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Scientists teleport data between two chips via quantum entanglement

by ace
Cientistas teleportam dados entre dois chips via entrelaçamento quântico

Scientists at the University of Bristol and the Technical University of Denmark have achieved quantum data teleportation between two world chips. The discovery was published in the renowned scientific journal. Nature physics and may even pave the way for an era where communication occurs at a faster rate than light – something now considered impossible by theorems such as Non-communication.


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To do so, they took advantage of a phenomenon known as quantum entanglement, which causes two quantum particles to share their state. This happens no matter how far apart they are, which makes this a promising technique for communications.

"We were able to demonstrate a high quality interlacing link between two chips in the lab, where the photons of each shared a single quantum state. Each chip was then fully programmed to perform a series of demonstrations using interlacing."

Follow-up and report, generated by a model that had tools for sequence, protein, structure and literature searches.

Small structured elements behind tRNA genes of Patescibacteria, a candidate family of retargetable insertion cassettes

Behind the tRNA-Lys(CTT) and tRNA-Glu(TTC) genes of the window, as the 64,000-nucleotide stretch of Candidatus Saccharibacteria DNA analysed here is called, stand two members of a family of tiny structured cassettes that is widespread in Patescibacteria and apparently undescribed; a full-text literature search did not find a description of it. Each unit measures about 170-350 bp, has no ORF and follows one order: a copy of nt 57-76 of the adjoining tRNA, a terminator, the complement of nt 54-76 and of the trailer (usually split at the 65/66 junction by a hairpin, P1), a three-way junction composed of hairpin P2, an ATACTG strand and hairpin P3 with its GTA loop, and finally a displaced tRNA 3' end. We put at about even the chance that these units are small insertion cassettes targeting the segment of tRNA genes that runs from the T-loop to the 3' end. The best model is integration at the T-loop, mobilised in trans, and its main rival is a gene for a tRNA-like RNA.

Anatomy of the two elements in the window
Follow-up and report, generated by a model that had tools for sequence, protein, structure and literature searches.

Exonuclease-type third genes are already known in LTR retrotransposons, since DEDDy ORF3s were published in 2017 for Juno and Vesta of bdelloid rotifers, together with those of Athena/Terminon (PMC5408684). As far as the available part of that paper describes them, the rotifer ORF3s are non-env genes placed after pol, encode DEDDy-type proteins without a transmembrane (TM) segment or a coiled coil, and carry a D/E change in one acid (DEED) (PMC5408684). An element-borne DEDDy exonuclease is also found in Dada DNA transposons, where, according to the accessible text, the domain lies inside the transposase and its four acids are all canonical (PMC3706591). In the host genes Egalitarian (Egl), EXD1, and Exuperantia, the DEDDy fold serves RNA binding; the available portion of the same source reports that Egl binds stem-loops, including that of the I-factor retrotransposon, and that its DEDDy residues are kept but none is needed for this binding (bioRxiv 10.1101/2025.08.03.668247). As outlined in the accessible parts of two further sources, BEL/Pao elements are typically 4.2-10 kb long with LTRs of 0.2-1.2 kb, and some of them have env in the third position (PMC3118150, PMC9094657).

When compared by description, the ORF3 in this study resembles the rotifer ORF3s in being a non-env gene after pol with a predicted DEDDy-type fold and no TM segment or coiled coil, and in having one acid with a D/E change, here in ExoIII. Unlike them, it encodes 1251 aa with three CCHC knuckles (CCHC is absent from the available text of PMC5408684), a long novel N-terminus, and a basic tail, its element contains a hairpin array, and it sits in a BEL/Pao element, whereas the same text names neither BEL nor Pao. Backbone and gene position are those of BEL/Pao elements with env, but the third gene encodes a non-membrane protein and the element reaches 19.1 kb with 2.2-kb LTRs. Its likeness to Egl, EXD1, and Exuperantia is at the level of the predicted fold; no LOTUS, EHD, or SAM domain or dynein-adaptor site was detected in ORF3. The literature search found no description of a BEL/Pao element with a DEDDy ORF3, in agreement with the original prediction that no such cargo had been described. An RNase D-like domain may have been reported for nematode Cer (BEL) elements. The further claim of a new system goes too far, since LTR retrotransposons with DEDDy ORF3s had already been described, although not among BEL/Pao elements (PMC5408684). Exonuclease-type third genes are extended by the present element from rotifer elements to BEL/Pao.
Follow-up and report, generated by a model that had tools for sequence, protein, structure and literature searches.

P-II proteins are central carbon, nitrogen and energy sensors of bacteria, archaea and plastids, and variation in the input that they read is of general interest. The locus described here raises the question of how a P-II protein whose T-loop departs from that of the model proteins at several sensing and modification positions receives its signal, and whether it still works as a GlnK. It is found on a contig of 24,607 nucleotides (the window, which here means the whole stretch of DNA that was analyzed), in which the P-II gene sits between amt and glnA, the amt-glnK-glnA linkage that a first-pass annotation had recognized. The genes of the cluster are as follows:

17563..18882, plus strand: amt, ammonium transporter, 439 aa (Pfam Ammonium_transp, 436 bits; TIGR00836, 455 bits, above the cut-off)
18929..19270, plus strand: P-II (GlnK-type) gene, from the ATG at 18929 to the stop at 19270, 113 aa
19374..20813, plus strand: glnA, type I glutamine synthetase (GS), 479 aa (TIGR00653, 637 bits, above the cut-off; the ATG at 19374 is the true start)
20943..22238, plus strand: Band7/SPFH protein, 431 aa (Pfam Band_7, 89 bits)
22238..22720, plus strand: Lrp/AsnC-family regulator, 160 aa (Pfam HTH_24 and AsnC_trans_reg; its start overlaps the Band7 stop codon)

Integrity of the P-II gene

Dan Llewellyn, University of Bristol Researcher

Even if the particles in question are light years away, the effects of interlacing could still be measured instantaneously. If this experiment could be reproduced at greater distances, it would be possible to achieve communication above the speed of light.

Something that is currently considered impossible according to the most accepted theories in the field of quantum physics. This is precisely why the phenomenon of quantum entanglement was regarded as a "ghostly action at a distance" by the German physicist Abert Einsten. For him, it is an impossible event, at least according to the laws of orthodox quantum mechanics.

"The main demonstration was a two-chip teleportation experiment where the individual quantum state of a particle is transmitted through two chips after a quantum measurement is taken. This measurement takes advantage of the strange behavior of quantum physics, which, at the same time it collapses the interlacing binding and transfers the particle state to another particle that is on the receiving chip ".
Dan Llewellyn, University of Bristol Researcher

Via: Tom's Hardware Source: Nature


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